More than mere tourist destinations, the salt mines have been renowned for centuries for their efficiency in treating many respiratory diseases, as well as being beneficial for skin treatment. Hippocrates himself used salt to cure various ailments, and advised others to do so. Whether you want to try them for health purposes or you’re excited by the attractions (a boat trip, a ping-pong game, a museum visit or meditation in an underground church—yes, you read that right!), here are five salt mines in Romania worth visiting. Also, bring a sweater.
Possibly the most famous in Romania at the moment, the salt mine at Turda (31 km from Cluj-Napoca) has been known since antiquity and it was exploited starting with the Roman occupation in Dacia, producing table salt until 1932, when it was officially closed. In 1992 it was opened for tourism and halotherapy, a form of alternative medicine that uses salt.
In 2010, after 2 years of serious of renovations and improvements, it was once again open to the public. Nowadays, the futuristic-looking salt mine is open all year long, and is nothing short of an amusement park. It sports a Ferris wheel, table tennis, mini golfing, and bowling facilities, paddle boating and, for the music aficionados, an amphitheatre with 180 seats.
The salt exploitation at Praid, a village in Harghita county, also dates back to Roman times. The first aerosol therapy centre was opened to the public in 1960, and it has been gradually improved and enlarged with new features. Today, besides taking advantage of speleotherapy and climatotherapy, visitors can enjoy playgrounds, sport facilities, a wine gallery with a selection of wines from 25 vineyards across the country, a wellness centre and numerous hiking opportunities around the Salt Canion.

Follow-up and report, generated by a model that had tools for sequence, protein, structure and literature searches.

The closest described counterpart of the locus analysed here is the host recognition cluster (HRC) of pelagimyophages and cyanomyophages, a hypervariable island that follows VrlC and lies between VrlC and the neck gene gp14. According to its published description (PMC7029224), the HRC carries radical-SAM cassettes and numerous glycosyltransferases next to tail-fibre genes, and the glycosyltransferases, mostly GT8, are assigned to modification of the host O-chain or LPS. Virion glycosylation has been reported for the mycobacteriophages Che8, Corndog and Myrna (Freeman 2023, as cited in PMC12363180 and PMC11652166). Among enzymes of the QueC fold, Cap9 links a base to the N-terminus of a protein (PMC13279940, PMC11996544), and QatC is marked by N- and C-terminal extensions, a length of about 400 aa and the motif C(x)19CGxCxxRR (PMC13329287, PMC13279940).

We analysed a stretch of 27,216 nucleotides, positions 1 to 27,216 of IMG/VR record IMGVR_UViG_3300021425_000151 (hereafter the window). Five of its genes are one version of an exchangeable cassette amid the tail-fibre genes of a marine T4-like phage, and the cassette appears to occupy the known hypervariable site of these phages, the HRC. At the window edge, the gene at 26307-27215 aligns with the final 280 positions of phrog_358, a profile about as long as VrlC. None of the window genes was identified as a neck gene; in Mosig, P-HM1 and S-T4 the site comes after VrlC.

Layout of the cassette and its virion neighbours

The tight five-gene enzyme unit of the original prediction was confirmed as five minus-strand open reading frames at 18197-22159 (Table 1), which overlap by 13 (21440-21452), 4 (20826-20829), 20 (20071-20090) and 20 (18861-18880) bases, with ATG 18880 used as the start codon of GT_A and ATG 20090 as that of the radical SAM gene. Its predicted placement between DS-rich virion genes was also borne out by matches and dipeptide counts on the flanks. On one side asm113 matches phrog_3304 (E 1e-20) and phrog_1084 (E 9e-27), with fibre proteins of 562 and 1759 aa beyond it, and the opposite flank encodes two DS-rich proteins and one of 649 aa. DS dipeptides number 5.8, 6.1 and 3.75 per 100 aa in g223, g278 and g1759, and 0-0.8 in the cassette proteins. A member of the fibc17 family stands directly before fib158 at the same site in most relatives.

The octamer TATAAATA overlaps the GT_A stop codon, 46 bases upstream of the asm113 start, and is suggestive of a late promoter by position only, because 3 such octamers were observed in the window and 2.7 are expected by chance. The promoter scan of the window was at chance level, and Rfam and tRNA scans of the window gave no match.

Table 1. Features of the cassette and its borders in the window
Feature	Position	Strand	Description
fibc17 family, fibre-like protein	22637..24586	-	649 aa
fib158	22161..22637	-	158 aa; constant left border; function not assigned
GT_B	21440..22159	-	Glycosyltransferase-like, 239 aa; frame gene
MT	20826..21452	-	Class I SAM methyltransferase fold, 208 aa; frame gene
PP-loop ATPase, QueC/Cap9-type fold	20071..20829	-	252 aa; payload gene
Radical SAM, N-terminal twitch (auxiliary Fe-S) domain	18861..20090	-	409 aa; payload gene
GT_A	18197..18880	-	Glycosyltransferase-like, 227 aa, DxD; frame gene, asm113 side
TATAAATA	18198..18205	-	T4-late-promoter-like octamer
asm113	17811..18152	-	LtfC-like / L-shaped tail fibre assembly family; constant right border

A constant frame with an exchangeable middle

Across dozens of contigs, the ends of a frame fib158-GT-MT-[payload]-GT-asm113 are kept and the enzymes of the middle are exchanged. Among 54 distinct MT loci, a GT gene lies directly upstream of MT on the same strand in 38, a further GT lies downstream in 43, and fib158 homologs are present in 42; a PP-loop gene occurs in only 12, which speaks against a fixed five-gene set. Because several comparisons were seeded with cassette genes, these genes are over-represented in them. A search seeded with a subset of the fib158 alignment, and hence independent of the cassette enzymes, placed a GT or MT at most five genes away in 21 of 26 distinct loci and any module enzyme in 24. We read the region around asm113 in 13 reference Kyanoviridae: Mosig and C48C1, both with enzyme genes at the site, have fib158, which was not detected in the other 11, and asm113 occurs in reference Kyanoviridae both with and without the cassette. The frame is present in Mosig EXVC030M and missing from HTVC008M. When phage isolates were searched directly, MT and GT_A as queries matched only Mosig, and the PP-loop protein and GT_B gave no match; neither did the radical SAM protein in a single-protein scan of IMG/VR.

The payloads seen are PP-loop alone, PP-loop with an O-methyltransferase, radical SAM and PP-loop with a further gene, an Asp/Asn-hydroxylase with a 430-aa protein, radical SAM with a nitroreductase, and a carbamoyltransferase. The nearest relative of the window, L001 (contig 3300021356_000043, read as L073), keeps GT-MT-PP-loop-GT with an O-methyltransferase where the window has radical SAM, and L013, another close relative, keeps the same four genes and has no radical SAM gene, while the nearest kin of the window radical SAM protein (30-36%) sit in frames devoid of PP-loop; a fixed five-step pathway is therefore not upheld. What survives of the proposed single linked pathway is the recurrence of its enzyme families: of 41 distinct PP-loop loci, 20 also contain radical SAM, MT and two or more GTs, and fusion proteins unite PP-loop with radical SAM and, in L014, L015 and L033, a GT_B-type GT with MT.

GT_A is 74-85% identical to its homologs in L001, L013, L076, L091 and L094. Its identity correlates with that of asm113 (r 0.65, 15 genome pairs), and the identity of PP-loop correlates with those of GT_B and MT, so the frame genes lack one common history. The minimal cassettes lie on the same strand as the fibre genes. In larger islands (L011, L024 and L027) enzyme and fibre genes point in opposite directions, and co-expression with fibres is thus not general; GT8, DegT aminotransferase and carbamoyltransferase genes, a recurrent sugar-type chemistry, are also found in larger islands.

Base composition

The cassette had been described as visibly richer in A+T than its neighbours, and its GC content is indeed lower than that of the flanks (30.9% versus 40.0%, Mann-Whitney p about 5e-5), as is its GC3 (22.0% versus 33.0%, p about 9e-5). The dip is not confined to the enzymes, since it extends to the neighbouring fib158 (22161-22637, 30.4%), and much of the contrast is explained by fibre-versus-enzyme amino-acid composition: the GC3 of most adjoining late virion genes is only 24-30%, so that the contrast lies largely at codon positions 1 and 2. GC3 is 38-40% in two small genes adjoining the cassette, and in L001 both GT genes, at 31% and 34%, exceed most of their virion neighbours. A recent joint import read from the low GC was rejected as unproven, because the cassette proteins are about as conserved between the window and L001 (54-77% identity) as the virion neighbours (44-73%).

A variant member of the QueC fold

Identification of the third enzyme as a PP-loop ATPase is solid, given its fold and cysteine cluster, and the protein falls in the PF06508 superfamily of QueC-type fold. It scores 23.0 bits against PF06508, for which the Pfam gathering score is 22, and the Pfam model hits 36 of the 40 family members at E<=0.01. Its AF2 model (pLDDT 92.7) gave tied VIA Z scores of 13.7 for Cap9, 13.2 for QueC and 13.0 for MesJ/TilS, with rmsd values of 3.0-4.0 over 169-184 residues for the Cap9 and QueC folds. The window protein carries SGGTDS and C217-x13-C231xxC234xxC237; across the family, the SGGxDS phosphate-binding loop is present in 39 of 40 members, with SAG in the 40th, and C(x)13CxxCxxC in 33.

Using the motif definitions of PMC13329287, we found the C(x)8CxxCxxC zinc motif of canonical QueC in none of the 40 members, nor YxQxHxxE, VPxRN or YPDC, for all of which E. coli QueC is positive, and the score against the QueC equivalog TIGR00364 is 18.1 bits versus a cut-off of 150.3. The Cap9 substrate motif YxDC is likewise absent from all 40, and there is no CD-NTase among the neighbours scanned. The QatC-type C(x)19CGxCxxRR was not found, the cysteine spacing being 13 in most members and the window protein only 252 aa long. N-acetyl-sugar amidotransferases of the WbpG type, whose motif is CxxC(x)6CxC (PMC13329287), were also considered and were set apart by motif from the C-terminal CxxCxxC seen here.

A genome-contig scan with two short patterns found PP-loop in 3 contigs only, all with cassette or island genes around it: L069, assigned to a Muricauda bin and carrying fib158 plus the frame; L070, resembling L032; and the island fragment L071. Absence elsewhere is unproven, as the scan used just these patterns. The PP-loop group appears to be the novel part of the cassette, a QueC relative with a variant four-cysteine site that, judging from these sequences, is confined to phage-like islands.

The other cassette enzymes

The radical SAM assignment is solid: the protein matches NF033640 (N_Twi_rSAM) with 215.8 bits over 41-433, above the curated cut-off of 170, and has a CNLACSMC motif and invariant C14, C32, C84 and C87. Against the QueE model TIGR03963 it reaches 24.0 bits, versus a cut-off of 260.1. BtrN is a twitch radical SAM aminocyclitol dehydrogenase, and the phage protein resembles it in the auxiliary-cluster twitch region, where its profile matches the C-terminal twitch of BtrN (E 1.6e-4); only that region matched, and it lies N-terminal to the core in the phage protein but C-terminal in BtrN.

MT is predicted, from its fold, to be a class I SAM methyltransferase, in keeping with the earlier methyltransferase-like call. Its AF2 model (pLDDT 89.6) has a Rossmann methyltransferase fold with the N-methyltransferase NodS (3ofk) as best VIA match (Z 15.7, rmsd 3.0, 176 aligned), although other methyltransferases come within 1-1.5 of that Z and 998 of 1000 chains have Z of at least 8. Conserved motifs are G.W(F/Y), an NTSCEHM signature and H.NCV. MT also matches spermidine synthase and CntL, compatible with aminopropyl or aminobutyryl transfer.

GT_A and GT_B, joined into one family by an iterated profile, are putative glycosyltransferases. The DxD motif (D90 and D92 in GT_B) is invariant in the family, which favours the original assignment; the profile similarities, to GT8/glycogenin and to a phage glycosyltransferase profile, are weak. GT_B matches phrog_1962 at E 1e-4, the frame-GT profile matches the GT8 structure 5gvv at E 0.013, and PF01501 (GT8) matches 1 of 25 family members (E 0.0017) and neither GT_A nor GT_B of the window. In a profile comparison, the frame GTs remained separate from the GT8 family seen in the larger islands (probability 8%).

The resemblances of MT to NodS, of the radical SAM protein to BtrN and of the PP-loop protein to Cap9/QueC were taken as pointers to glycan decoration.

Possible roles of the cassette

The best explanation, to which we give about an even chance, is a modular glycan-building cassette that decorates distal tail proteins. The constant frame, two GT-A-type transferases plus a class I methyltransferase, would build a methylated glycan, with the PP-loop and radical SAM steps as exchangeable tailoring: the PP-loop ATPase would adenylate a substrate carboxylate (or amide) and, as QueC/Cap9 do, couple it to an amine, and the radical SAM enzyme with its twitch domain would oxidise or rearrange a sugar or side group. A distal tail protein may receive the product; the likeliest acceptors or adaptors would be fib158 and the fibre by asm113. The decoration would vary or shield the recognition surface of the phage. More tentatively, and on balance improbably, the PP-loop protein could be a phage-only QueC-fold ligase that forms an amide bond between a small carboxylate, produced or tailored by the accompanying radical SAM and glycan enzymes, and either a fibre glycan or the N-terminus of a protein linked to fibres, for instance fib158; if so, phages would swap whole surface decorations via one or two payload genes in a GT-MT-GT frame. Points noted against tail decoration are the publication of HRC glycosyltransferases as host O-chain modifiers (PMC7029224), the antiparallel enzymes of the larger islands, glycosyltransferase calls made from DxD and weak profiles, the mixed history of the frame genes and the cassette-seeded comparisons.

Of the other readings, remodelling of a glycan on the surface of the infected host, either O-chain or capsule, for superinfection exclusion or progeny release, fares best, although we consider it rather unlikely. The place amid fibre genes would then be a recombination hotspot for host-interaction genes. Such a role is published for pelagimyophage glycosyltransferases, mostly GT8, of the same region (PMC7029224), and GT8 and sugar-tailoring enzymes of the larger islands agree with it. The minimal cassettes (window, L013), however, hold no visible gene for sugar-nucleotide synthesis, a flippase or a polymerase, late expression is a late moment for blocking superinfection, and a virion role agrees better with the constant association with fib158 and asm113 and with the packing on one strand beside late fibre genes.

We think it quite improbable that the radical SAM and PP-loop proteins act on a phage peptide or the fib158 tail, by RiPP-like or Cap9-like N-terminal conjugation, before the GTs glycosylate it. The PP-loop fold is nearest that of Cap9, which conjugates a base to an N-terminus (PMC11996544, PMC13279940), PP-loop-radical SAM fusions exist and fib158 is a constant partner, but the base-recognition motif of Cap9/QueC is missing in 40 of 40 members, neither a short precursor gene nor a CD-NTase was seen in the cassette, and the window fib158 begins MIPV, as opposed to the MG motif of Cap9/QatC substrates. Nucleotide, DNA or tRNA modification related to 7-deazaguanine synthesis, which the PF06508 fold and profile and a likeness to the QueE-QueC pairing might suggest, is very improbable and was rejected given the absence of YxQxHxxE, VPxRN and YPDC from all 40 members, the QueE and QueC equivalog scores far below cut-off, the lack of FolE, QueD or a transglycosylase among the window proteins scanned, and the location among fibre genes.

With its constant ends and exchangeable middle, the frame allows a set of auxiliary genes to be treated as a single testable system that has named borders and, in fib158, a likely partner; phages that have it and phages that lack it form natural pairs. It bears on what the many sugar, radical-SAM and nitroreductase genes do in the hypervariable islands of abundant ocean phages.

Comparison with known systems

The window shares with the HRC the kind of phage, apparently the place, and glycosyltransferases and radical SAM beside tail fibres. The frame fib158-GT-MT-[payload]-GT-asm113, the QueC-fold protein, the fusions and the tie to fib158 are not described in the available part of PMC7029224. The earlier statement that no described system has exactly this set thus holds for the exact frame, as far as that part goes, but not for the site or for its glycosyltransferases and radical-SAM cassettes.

The mine is conveniently located in the proximity of several touristic areas, 135 km from Brașov, 75 km from the medieval town of Sighișoara, and only 7 km from Sovata resort, with its famous helio-thermal salty lake, Ursu.
Priding itself in being the largest salt mine in Europe, Slănic Prahova is, just like the previous ones, no longer in use for extraction purposes, but open to the public for treating respiratory infections. Its 14 galleries are massive, at over 55 metres high, and have a permanent microclimate, maintaining a constant temperature of 13° C and 60% humidity throughout the year, and it’s no wonder—though, debatable—that some people claim that Slănic mine has the purest air on earth.
Only 100 kilometres north of Bucharest, the mine has another unique feature: one of the most famous galleries, the Genesis Hall, sports sculptures and busts made of salt—including the one of Decebalus, the last Dacian king—by local artists Iustin Năstase and Oana Brezeanu.
Târgu Ocna mine is situated in the Eastern part of Romania, in Bacău county, and it is one of the oldest and largest salt mines in Romania, having double function: on one hand it extracts, prepares, and sells the salt, and, on the other, it offers touristic and healthcare services. Besides respiratory treatment centres, playgrounds and sports facilities, the mine hosts a salt museum, a performance hall, as well as an Orthodox church.
Archeological research, conducted between 1952 and 1989, showed that Cacica is one of the oldest recrystallised salt mines in Europe, salt that is obtained from brine, through boiling and evaporation. According to the researchers, it is as old as the early Neolithic period. It is, also, one of the largest salt reserves in Romania, with an estimated reserve of 238 million tones of sodium chloride.
The touristic side of Cacica mine (36 km from Suceava, in the north of Romania) includes a dance hall, used to host dance events and receptions, two chapels (a Roman-Catholic and an Orthodox one), a salt museum and a football field.